Researchers have demonstrated a significant weakness in PFM six weeks postpartum, with an element of improvement at 12 weeks, following a PFM training regimen. A systematic review found that continuation of the regimens for 48 hours, three months and five months also significantly reduced SUI, and individual programmes were more successful than group sessions.

Repeat vaginal examinations at follow-up appointments may assist with compliance. Failure to respond to supervised PFM training may indicate a need for urodynamic investigation.

After 12 weeks of supervision, Sarah felt in control of her SUI. She declined further follow-up appointments and was given a telephone point of contact.

P Joanne Townsend is a urogynaecology nurse specialist at the University Hospitals of Leicester NHS Trust and a member of the NICE guideline development group on the management of urinary incontinence

This article was first published in MIMS Women's Health, April 2007. To register to receive copies see


Sarah, who is 26 years old, was referred to the urogynaecology department 12 weeks after the birth of her first child. Her 7Ib 10degz daughter was born after a 12-hour delivery, with forceps and an episiotomy.

Since the delivery, Sarah reported that she had leaked urine while laughing, coughing and bending. She found this extremely embarrassing and had confided in her health visitor.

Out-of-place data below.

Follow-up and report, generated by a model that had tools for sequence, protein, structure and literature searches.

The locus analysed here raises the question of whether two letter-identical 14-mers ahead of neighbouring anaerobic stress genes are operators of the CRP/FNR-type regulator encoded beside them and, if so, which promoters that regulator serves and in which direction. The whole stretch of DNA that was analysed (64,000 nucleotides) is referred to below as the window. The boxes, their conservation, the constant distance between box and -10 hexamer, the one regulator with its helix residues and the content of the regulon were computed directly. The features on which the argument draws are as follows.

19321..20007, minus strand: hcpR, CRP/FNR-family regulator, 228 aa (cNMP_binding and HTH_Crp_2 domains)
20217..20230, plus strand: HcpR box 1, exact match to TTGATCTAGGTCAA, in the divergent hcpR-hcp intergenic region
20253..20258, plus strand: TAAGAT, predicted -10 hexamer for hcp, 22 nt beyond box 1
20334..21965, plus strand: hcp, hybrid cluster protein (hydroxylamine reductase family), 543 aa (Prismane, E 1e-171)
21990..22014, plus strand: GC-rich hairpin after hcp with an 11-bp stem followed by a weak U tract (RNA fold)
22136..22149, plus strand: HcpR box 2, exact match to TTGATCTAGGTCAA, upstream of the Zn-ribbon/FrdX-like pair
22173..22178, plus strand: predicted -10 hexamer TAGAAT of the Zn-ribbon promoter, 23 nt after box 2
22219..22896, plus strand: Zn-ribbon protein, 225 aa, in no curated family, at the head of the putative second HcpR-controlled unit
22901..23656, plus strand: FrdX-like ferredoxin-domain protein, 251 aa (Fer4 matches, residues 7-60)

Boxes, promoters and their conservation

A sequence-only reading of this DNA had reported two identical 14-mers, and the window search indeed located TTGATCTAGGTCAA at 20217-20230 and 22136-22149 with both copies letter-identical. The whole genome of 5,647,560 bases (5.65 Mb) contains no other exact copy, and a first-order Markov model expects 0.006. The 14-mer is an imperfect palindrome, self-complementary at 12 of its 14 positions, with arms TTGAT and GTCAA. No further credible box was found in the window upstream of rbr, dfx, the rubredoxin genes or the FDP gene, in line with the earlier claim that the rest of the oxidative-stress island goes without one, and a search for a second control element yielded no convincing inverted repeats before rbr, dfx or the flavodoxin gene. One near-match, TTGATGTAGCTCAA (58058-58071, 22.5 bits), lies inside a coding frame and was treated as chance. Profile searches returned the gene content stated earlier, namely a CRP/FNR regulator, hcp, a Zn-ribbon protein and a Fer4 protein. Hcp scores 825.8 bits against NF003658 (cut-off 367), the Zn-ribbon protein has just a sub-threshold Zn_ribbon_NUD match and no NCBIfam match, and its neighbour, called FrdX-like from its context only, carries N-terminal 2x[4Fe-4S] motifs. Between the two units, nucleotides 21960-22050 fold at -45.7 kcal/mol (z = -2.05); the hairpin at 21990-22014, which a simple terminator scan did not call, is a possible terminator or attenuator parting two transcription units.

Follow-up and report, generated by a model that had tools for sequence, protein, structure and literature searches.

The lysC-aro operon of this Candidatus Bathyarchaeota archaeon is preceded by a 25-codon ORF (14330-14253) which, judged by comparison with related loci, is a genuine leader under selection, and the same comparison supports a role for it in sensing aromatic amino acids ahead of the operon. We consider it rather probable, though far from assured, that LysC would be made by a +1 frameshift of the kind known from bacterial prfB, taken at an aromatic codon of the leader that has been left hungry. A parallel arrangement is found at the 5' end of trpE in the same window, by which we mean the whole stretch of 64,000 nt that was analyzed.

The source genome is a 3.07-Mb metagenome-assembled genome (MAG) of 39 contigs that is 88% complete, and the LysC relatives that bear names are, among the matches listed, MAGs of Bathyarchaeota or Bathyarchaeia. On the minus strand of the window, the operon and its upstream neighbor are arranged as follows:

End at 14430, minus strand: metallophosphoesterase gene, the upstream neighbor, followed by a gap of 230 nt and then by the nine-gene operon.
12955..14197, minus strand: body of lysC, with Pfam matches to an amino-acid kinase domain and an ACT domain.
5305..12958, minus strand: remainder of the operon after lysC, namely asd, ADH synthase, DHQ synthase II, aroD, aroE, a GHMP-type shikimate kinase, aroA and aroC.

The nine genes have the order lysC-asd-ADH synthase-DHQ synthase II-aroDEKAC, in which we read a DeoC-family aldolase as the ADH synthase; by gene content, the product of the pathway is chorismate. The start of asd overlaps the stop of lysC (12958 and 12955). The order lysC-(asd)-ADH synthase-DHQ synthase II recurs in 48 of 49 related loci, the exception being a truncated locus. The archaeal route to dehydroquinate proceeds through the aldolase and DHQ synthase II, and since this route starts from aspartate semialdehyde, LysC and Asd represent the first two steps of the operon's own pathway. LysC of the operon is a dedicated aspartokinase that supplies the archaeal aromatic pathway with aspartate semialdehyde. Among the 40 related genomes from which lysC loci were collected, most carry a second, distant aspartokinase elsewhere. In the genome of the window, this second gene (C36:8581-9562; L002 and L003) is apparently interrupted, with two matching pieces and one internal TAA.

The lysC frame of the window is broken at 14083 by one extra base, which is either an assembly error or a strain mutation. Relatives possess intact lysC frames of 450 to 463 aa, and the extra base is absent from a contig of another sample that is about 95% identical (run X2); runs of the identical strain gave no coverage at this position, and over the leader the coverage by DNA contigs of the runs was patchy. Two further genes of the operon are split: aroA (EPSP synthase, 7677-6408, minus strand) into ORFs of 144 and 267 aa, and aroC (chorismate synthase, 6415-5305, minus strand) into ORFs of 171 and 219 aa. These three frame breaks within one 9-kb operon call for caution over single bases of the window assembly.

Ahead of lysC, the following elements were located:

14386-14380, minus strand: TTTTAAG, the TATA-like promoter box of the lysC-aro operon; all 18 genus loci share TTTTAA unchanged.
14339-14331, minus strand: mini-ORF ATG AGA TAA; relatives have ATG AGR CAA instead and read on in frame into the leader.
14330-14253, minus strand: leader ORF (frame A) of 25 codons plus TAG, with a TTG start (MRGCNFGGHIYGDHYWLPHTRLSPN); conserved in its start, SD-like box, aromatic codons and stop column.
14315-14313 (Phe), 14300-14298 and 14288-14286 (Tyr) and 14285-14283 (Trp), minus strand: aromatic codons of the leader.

Sarah was given verbal instructions about pelvic floor muscle training and leaflets at her antenatal classes. Her health visitor reinforced this information, but due to Sarah's lack of improvement, she was referred to the local hospital.

Implications for practice

  • The prognosis for women with SUI after childbirth is good. Many have the potential to respond to PFM training supervised by a specialist practitioner.
  • Evidence confirms that PFM training during the first pregnancy reduces the prevalence of SUI at three months postpartum; longer-term effects are inconsistent and the impact of subsequent pregnancies unknown.
  • Antenatal and postnatal PFM training is recommended.
  • With the emphasis on swift discharge after birth, women need to undertake PFM training as soon as they feel able.
  • Informing women that SUI should not be accepted as a consequence of birth and giving them a point of contact after hospital discharge may prevent referral for SUI in later life.

Oxford scale

0 No contraction

1 Flicker

2 Weak

3 Moderate

4 Good

5 Strong


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  • Chiarelli P, Murphy B, Cockburn J. Acceptability of a urinary continence promotion programme to women in postpartum. BJOG 2003; 110: 188-96.
  • Miller J M, Ashton-Miller J A, DeLancey J O. A pelvic muscle precontraction can reduce cough-related urine loss in selected women with mild SUI. J Am Geriatr Soc 1998; 46: 870-4.
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  • P Dougherty M C, Bishop K R, Abrams R M et al. The effect of exercise on the circumvaginal muscles in postpartum women.